In 2004, Kramnik successfully defended his title as Classical World Chess Champion against challenger Peter Leko at Brissago, Switzerland, by drawing the Kramnik - Leko World Championship Match (2004) in the last game. Lékó was leading the 14-game match until the final game, which Kramnik won, thus forcing a 7 - 7 draw and ensuring that Kramnik remained world champion. Because of the drawn result, the prize fund of 1 million Swiss francs was split between the two players.

Kramnik refused to participate at the FIDE World Championship Tournament (2005), but indicated his willingness to play a match against the winner to unify the world championship. His next title defence in 2006, therefore, was a reunification match with the new FIDE world title holder from the 2005 tournament, Veselin Topalov. The $1 million Kramnik - Topalov World Championship Match (2006) was played in Elista, Kalmykia from September 21 to October 13 and after controversially forfeiting the fifth game, Kramnik won the rapid game playoff by 2˝ -1˝ after the classical games were tied 6-6, thereby becoming the first undisputed unified World Chess Champion since the 1993 split. In the following year, Kramnik lost the unified world title when he finished second to Viswanathan Anand at the Mexico City FIDE World Championship Tournament (2007). In October 2008, Kramnik exercised his entitlement to a rematch as a challenger to World Champion Anand in Bonn, Germany, but lost the Anand - Kramnik World Championship Match (2008) match by 4˝ to 6˝ (+1 =7 -3).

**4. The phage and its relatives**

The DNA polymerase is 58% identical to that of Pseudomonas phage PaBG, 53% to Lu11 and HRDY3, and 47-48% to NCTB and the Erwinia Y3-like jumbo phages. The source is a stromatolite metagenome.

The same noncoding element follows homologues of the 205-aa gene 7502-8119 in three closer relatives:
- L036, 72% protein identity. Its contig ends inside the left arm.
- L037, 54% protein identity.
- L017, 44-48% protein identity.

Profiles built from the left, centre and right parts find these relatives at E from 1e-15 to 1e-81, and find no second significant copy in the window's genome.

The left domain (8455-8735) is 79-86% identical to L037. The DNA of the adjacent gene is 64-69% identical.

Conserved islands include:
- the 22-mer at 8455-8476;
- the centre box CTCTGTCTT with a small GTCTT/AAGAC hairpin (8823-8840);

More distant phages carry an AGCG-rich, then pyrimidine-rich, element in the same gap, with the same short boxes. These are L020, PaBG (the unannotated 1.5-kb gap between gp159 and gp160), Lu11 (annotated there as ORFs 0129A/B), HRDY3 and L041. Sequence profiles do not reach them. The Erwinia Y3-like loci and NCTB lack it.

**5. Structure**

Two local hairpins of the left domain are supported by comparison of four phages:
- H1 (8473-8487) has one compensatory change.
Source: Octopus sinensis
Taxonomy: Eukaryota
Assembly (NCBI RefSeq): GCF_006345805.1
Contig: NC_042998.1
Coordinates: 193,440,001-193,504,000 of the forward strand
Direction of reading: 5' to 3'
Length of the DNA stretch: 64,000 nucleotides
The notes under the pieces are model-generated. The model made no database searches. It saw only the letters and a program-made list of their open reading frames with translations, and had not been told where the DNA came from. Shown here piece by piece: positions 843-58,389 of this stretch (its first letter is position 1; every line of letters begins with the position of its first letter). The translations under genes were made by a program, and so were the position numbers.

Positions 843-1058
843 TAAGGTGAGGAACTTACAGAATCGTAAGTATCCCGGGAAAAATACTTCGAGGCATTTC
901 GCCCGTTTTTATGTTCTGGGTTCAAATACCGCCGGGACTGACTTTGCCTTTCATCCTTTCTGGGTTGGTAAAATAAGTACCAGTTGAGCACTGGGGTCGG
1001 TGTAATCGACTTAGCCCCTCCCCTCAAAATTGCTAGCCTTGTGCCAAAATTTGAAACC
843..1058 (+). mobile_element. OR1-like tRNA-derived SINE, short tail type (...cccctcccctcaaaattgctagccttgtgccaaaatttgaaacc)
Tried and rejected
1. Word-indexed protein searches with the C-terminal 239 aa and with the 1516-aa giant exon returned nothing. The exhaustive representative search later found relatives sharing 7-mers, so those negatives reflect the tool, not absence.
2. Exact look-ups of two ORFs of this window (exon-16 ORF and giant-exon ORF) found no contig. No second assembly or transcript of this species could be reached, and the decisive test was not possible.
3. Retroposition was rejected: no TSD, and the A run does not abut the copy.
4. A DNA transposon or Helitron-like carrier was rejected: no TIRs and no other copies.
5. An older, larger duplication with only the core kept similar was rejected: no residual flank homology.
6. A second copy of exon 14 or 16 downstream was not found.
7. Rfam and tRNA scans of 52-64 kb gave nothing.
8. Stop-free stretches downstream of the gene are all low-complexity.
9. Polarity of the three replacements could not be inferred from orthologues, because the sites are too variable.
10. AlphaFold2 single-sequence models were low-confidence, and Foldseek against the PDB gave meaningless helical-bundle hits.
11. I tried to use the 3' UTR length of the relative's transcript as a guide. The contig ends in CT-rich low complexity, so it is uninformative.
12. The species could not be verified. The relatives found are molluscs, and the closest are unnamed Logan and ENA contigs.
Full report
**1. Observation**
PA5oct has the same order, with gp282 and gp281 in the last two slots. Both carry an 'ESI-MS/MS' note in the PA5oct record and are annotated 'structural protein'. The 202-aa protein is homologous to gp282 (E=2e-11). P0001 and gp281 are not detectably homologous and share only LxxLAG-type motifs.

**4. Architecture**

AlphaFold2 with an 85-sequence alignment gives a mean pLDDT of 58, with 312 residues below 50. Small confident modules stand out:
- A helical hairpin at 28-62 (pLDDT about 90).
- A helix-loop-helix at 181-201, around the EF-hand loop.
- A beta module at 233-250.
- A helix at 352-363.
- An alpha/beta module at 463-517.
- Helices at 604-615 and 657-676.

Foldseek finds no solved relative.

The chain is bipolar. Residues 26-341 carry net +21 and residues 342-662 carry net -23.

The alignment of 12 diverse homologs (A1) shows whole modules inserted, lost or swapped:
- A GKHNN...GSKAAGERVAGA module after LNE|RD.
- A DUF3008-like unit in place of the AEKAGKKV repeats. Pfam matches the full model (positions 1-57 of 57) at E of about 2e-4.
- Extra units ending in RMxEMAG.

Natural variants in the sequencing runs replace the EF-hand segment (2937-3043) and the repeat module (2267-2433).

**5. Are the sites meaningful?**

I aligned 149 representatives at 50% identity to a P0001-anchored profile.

Kramnik's tournament performances in 2009 (see below) raised his rating (average of July 2009 and January 2010 ratings) sufficiently to qualify him for the World Championship Candidates (2011). In the first round he beat Teimour Radjabov by the narrowest of margins*: after tieing the classical games 2-2 (+0 =4 -0), and the rapid games 2-2 (+0 =4 -0), he won the blitz playoff by 2.5-1.5 (+2 =1 -1) to move to the semi final match against Alexander Grischuk, which he lost 1.5-0.5 (=1 -1) in the blitz tiebreaker after he drew the classical games 2-2 (+0 -0 =4) and the rapid games 2-2 (+0 -0 =4), thereby eliminating him from the contest. Participating in the World Championship Candidates (2013) on the basis of his rating, Kramnik came =1st with Magnus Carlsen on 8.5/13 after both lost their last round games. As the first tiebreaker (individual score against the other player in the tournament) left them level, the second tiebreaker (greater number of wins in the tournament) relegated Kramnik to second place due to scoring four wins to Carlsen's five.